In one of the Bibles that he left, he highlighted Romans 8:18. (Did I mention that he was also a Pastor? He was Jamaican, so one job was a joke to him.) Anyways, Romans 8:18 states: For I consider that the sufferings of this present time nare not worth comparing with the glory that is to be revealed.

Man! If only he knew the ramen noodle struggle that I endured in college, and the “f**k I should’ve gotten my degree” broke nights at 25, he would laugh. He’s probably laughing now. However, it is true. The growing pains are beneficial for the come up. Without learning how to deal with the uncomfy, you won’t learn how to appreciate the comfort that comes later. 


2. If you run out of things to talk about, you aren’t reading enough. 

When I spent what I didn’t know would be my last Summer with my grandfather, he would make me read to him for two hours. I had the choice between the newspaper or a collection of poems by Emily Dickinson. After those two hours, we would talk about what I got from it. Endless conversation! The gag? I would talk to him for so long that I didn’t realize he had kept me away from binge watching Disney Channel all summer. 

3. “They’re going to tell you to eat healthy, then taint your food.”

Right before the big announcement of his cancer, I noticed that my grandma was cooking healthier than usual. It was weird. After the announcement, and as he got sicker, she made whatever meal he requested. It took me  back to when Keanu Reeve’s shared a story about his friends mom and quoted: “[People] you cannot hide from your poison.” It’s crazy how my grandpa peeped game early on when I really thought he was just being old, lol. “Eating to live” never really lasted long in our Caribbean household. 

4. “Gallivanting” is a real word. 

Every Saturday morning for as long as I remembered, we would prepare to go “gallivanting.” Until college, I thought the word was “galavantee” because my grandma always said it in her Spanish accent, but no, it’s actually gallivanting, and it means to go from place to place seeking entertainment and amusement.

5. “How can you pick a favorite place if you haven’t been everywhere?”My grandparents were travel goals. They went everywhere together. I used to say every place was my favorite place until he finally shut me down with this question, lol. I thought McDonald’s was the best until I tried Wendy’s, then I thought Subway was the bomb until I had a Publix sub. You feel me? Never know until you try, right? This question is applicable to any situation in life, and I am thankful to be able to apply it.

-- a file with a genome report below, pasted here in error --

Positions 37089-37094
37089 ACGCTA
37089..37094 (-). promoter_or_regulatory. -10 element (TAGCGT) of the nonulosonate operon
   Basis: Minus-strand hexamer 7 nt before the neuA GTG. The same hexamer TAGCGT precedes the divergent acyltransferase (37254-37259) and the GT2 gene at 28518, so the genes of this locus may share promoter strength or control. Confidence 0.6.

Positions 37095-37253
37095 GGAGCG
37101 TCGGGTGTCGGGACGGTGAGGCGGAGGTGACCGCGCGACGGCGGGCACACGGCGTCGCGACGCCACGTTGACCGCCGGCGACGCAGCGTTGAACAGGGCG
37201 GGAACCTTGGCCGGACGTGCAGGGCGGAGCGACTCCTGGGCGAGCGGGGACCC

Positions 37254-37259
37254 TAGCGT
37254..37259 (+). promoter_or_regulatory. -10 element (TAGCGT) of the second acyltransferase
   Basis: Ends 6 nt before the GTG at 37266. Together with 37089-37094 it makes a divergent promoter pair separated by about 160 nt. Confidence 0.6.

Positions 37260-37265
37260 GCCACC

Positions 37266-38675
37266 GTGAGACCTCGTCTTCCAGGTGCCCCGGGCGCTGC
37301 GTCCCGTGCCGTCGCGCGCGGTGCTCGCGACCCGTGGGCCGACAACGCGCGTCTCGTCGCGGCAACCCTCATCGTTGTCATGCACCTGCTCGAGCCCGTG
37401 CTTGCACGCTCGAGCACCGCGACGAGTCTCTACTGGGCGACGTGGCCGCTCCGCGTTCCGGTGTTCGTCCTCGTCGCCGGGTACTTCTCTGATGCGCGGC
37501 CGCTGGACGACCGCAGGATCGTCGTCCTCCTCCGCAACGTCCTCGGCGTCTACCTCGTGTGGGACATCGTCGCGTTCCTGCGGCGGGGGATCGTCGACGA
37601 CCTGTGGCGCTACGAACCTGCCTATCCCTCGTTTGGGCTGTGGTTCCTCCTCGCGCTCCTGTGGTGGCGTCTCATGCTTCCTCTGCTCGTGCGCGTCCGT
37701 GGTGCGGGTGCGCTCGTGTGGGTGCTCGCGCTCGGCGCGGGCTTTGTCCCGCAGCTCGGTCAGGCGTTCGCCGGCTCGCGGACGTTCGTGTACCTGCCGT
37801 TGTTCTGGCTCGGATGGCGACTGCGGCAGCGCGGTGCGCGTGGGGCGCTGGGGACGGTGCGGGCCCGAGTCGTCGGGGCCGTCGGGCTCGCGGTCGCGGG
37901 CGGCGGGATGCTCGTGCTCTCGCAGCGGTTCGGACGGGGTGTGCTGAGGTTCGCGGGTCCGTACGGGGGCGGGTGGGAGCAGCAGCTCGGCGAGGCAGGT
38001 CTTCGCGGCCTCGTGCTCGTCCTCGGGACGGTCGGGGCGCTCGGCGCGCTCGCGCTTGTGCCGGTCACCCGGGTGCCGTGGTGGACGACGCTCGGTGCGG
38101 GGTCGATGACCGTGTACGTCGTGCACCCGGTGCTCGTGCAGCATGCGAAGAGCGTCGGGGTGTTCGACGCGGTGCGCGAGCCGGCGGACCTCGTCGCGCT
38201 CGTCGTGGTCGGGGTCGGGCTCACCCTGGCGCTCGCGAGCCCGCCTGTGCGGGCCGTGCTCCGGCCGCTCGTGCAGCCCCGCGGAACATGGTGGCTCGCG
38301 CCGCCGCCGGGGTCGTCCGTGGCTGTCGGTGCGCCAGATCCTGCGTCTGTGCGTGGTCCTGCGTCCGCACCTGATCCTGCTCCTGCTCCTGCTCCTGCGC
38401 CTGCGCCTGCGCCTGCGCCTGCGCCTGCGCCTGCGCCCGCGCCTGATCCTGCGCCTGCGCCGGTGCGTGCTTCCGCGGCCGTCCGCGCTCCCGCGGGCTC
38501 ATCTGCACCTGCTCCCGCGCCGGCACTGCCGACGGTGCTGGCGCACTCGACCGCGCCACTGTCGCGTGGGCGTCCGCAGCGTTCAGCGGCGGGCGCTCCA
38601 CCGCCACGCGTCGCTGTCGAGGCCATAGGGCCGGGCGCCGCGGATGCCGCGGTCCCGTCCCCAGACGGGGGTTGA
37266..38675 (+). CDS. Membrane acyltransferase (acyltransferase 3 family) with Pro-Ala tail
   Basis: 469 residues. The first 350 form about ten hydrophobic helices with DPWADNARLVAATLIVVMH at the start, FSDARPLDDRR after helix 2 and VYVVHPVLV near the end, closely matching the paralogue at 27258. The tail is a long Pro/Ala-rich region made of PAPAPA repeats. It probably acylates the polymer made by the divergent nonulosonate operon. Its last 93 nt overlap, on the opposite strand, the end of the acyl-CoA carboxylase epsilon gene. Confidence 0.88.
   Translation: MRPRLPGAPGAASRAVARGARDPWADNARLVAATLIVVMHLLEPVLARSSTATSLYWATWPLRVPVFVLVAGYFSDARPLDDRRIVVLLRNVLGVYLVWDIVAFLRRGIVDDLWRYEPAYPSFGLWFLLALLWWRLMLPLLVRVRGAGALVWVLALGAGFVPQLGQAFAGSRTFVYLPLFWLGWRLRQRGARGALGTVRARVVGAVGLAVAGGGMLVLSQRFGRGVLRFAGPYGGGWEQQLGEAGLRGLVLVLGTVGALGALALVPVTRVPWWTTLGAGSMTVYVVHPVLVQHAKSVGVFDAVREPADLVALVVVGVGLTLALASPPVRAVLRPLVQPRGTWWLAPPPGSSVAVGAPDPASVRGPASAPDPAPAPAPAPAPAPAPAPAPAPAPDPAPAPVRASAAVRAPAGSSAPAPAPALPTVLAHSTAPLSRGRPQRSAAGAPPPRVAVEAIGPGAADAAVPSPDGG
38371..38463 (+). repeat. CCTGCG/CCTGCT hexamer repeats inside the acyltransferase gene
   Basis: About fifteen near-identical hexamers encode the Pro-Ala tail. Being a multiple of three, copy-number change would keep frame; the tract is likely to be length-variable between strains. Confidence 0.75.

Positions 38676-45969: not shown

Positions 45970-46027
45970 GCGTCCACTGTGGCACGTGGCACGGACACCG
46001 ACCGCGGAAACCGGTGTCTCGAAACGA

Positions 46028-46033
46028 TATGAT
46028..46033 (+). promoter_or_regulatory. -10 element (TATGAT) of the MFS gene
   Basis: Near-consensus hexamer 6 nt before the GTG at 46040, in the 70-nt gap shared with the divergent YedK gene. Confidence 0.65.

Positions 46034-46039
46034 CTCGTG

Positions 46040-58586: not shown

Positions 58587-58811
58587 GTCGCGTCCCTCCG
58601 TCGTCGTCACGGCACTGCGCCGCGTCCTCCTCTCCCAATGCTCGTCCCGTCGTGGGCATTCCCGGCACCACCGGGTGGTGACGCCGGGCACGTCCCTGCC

6. You may not like golf but you need to at least know about it because…white people. 

My grandfather had one white friend. His name was Graham and he lived in Australia. He always wore shirts with inappropriate quotes, and he really said “Mate.” Anyways, other than that, the only time I saw my 60+ year old grandpa actively interact with wypipo was when he went to play golf or he was giving them a dollar outside the gas station. His golfer friends adored him. They loved him like he had always been welcomed in their circles. Interesting.  After golf, he would always remind me how “they’re gonna get Tiger Woods if he gets too good” and lo and behold, they got Tiger. “That’s why you learn to play with and never play for.” 

7. Everything in life is an exchange. 

“Your grandma married me for my money and I loved her for her good looks and cookin.” I’m sure he was joking but even then, I was always intrigued by the chemistry between the two. They loved genuinely, and they understood give and take. It was my first example of good, genuine, black love. 


8. Crazy can definitely be a destination if you make it. 

Where are you going? Crazy. Wanna come? That was a common Q&A with him. That response usually meant that nobody was invited. He took time for himself and made time for he and my grandma. Space and solitude is vital to your sanity. I have been learning that not taking time for yourself can really make you “go crazy.” 

9. Never trust a man that doesn’t wear a watch. (personal fave)

“A man without a watch has no concept of time, which means he has no (concept of) money, because he has no place to be.” When dating, I always look for a watch. For one, it’s a great conversation piece, and for two, time is money. I’ve never been able to take anyone without a watch serious. What if I need to know what time it is and our phones are dead? What if you need to manually check my blood pressure? These are serious questions that go through my head, btw. Watches are essential.